Wednesday, October 5, 2016


A few rudimentary thoughts on economic theory forthcoming. I say rudimentary because I am a little fuzzy on my econ classes from well over a decade ago and I don't feel like putting the extra time into brushing up while my brain is turning this into words. Therefore, any mistakes of fact or logic are all mine. Correct me if you care.

As the election cycle has churned on, the rhetoric and vitriol remains far more important than persuading the voters of the wisdom of the party platform. Emotion trumps reason in most of the population's mental decision tree. But isn't there a very good reason for this, at least when dealing with economic policy?

As I see it, economic analysis and projection work very well when viewed through certain, objective, criteria. For example, assuming that a given population behaves in a rational and self-interested manner, various economic projections can be accurately made. Supply vs demand, production in comparison with consumption, etc. The problem arises when we start trying to determine what those rational, self-interested people will deem is rational self-interest.

Here is what I mean: Every single one of us determines the value of every transaction we enter into (or abstain from) based on extremely personal factors. If we assume every person is alike, we can accurately gauge and predict outcomes. Once we have individuals in the mix, every rational outcome is different. Yet we try to make those predictions and policy decisions anyway. Perhaps we can accurately say, "The majority of people would choose x over y. Therefore, x policy choice is more likely to have the desired outcome." But I doubt it.

Reagan's trickle down economics makes perfect sense using certain assumptions about people and businesses. However, those assumptions turned out to not have the effects that were thought. Communist command economies work under another set of assumptions about personal and collective behavior. Those assumptions have also shown to be erroneous. In short, no economic model can actually be accurate for long, given the fluid nature of human interest and fickle thought.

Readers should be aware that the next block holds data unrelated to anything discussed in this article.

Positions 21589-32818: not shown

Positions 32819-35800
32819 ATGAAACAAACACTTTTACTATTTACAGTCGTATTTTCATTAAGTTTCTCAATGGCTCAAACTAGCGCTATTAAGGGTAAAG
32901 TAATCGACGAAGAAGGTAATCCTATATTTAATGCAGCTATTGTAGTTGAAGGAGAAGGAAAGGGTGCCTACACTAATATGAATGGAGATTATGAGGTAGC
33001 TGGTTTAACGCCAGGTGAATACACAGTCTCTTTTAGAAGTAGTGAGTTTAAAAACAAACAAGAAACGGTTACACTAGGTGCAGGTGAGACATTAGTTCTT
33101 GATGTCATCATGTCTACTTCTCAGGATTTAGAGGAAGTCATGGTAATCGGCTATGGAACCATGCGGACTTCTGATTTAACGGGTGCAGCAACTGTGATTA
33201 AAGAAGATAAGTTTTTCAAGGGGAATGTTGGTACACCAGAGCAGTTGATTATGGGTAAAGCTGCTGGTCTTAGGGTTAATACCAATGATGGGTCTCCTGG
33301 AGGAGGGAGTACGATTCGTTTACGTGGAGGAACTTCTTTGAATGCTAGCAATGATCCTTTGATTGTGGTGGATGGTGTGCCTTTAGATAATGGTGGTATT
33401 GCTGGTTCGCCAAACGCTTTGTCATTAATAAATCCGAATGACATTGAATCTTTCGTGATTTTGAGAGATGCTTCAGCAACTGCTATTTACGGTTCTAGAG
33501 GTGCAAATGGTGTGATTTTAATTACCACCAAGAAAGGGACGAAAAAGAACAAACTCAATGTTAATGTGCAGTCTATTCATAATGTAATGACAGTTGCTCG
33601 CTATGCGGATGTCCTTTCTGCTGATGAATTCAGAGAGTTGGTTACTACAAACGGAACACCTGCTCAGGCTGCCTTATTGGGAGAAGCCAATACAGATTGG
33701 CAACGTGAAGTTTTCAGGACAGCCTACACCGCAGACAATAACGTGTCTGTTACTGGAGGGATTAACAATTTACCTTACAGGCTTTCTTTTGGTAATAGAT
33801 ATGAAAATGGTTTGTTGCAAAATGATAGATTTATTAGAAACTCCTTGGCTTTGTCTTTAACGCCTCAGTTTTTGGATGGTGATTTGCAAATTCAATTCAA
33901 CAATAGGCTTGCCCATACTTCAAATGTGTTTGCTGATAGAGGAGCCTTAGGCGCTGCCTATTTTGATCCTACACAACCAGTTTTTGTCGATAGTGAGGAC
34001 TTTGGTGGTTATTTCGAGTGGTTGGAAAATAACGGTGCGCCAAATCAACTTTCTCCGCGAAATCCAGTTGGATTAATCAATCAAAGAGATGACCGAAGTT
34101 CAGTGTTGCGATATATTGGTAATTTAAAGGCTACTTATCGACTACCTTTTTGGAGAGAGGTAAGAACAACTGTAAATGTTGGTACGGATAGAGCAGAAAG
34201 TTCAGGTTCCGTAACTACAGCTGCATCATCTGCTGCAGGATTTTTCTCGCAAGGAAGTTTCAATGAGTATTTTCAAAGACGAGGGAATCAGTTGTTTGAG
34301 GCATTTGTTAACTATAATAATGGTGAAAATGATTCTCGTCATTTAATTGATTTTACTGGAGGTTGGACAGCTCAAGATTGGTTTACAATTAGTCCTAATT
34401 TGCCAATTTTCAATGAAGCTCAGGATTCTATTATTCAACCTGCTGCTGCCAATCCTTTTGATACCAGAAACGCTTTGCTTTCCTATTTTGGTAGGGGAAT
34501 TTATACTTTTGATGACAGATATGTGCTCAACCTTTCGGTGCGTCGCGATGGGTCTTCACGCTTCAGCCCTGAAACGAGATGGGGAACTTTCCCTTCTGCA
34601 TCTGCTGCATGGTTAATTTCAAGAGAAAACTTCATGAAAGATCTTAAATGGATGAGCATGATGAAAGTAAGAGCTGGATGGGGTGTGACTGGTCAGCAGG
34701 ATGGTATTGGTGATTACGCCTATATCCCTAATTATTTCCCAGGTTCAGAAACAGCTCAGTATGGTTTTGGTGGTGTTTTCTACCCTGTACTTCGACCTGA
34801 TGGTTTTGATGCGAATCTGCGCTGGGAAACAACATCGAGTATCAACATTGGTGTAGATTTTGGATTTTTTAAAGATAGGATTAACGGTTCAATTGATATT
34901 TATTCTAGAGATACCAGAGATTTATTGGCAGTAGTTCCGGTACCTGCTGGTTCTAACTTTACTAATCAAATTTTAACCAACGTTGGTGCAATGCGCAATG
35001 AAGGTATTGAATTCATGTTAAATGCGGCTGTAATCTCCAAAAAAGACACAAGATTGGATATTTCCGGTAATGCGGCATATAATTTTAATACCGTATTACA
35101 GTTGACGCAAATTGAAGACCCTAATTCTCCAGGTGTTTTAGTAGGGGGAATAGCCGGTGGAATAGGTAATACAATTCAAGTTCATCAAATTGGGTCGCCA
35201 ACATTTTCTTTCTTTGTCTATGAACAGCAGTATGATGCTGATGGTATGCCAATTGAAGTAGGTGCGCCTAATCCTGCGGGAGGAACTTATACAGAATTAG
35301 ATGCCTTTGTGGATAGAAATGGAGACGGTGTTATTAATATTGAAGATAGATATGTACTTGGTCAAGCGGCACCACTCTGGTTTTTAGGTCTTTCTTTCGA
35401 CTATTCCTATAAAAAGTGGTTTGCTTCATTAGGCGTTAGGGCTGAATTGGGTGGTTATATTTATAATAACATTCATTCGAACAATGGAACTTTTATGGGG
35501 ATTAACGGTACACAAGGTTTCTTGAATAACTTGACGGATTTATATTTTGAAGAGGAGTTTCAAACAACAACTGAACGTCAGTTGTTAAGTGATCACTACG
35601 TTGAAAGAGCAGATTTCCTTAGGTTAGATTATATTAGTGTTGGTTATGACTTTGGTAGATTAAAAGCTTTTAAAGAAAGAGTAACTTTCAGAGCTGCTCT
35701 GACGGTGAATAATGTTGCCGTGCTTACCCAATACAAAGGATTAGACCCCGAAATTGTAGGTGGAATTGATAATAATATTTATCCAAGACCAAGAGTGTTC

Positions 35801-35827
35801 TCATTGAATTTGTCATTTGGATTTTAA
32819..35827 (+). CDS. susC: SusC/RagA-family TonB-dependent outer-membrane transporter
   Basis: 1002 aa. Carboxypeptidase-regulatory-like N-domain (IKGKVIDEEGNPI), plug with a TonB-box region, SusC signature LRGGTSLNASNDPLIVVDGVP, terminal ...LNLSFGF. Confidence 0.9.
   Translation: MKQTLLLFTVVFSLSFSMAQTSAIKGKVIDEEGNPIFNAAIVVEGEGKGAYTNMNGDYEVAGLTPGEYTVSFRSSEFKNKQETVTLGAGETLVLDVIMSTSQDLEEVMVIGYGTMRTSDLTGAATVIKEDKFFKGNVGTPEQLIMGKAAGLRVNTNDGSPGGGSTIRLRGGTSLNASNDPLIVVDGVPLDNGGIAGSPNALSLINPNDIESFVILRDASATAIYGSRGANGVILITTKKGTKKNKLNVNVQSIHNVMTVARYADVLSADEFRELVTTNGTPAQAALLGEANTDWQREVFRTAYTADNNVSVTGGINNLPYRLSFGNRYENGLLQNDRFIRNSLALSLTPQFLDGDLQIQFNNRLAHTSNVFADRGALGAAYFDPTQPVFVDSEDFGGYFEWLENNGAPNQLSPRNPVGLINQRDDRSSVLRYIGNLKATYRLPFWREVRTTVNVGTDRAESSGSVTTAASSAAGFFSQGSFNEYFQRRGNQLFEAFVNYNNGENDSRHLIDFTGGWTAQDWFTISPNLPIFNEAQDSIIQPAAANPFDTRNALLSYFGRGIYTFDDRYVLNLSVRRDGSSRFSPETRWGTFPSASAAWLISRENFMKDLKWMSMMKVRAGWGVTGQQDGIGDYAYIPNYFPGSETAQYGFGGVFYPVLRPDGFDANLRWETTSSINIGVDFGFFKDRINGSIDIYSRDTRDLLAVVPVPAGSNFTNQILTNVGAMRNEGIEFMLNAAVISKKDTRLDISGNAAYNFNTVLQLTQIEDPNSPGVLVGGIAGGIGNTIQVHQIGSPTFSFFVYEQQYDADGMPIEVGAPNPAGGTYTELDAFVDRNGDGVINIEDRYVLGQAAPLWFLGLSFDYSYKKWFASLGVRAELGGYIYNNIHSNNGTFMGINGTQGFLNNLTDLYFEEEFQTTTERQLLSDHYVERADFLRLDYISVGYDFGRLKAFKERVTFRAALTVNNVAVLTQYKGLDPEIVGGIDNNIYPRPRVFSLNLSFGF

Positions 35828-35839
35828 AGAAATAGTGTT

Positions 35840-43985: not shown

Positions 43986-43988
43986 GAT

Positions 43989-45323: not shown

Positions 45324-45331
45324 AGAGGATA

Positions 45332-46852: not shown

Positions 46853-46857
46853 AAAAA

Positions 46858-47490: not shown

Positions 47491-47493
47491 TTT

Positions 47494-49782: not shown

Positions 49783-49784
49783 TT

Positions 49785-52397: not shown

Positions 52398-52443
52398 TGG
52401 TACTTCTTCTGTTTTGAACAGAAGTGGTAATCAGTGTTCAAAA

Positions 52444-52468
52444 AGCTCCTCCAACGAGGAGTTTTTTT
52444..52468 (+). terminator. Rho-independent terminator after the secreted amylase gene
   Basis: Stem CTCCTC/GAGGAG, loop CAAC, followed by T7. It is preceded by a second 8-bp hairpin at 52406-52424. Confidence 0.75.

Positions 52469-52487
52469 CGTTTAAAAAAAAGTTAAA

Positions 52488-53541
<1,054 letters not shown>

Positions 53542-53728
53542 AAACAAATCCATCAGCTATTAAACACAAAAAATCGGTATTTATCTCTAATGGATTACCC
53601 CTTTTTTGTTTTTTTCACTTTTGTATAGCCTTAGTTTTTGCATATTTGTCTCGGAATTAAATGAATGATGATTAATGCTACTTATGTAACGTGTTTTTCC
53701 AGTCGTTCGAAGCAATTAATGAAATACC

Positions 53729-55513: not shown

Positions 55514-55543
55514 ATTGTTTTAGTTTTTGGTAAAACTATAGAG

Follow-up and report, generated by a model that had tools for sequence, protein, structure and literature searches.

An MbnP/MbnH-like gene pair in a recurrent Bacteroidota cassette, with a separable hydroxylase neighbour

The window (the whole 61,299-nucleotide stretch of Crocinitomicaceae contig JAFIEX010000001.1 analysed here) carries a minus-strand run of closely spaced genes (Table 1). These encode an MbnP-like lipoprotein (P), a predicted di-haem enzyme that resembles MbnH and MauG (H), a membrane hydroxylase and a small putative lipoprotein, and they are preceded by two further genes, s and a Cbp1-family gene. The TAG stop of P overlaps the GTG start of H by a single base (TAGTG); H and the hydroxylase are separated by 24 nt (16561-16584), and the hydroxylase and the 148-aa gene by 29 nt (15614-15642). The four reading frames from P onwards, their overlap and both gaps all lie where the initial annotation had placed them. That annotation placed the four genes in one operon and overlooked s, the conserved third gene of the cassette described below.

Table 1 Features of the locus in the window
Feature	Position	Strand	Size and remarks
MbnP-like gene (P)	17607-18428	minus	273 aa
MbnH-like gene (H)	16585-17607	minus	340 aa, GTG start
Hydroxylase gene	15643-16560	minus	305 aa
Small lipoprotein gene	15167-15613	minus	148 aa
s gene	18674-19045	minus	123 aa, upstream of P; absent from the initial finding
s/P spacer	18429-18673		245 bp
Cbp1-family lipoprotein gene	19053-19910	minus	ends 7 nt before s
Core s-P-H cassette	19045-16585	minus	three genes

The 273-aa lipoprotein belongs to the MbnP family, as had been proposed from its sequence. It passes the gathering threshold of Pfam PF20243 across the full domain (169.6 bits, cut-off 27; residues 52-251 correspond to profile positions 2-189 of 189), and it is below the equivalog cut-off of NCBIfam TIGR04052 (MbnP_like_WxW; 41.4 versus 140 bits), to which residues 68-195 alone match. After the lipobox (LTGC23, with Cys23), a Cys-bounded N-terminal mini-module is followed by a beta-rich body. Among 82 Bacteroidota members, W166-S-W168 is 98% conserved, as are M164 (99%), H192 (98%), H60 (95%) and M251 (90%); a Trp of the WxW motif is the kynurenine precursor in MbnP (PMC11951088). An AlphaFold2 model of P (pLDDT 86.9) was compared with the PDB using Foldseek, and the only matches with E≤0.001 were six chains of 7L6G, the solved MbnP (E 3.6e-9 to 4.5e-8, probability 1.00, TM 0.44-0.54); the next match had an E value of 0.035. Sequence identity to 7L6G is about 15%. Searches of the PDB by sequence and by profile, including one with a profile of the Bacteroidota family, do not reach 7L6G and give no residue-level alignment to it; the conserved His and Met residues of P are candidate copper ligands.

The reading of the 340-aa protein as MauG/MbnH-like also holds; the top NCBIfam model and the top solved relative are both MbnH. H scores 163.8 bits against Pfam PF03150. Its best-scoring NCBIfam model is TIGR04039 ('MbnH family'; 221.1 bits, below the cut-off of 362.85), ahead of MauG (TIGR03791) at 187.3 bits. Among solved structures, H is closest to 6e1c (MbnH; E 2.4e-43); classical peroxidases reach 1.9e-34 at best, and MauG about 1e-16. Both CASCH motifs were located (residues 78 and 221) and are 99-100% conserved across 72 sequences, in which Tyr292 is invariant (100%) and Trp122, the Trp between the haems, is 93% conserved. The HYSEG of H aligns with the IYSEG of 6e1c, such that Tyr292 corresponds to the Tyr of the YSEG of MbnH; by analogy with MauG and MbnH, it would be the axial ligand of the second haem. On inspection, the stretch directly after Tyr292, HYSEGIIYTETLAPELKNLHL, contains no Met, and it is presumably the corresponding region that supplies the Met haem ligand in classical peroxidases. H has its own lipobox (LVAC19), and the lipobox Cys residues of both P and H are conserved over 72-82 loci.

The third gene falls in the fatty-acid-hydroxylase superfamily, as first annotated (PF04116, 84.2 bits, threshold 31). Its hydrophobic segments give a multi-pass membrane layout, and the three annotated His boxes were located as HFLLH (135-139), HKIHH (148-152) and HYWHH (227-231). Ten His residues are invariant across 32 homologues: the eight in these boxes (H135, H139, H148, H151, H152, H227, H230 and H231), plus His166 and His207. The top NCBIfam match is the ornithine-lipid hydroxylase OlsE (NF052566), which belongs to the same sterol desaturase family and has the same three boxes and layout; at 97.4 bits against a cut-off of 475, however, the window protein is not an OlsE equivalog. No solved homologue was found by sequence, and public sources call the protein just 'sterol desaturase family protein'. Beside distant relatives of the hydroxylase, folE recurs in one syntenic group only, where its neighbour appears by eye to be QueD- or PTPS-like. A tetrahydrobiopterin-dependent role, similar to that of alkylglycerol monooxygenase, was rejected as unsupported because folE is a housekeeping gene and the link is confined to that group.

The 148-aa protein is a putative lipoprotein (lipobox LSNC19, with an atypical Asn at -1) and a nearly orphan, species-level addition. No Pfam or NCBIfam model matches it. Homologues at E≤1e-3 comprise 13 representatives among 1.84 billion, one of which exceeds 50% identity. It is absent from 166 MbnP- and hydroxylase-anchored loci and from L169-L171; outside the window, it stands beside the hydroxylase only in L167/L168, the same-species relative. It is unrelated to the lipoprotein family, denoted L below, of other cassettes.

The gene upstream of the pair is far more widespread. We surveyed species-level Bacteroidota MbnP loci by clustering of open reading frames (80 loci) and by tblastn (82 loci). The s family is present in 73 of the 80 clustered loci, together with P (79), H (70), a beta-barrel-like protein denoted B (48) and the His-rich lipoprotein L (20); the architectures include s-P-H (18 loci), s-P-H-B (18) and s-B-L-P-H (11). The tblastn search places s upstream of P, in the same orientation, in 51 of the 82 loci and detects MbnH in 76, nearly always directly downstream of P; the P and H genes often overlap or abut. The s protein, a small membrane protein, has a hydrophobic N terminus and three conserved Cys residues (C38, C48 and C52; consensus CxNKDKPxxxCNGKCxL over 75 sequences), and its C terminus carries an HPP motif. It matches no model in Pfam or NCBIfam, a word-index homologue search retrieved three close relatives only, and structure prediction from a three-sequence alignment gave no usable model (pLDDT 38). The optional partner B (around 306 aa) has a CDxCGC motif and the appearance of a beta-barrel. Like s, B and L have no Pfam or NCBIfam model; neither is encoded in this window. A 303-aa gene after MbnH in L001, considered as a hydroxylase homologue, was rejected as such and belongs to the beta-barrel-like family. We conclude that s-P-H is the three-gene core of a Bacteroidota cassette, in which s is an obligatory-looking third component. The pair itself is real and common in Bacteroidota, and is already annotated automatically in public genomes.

That leaves me one conclusion: policy must be made based on the policy maker's own moral compass. If a person believes that an action or policy is the right one to take in order to gain a moral good (not necessarily the same as a religious goal, mind you), then take the stand. Do the right thing.

Yes, I understand that policy makers are making calls that affect a wide swath of people and they must keep that in mind. But that does not change the fact that whatever assumptions they use to model the effects of their policies will reflect their own moralities. All I'm saying is own it. Believe in it. And explain to the masses why you are right. Or, at the very least, not a raving lunatic trying to burn the world down.

In the end, even the powerful must be able to live with themselves.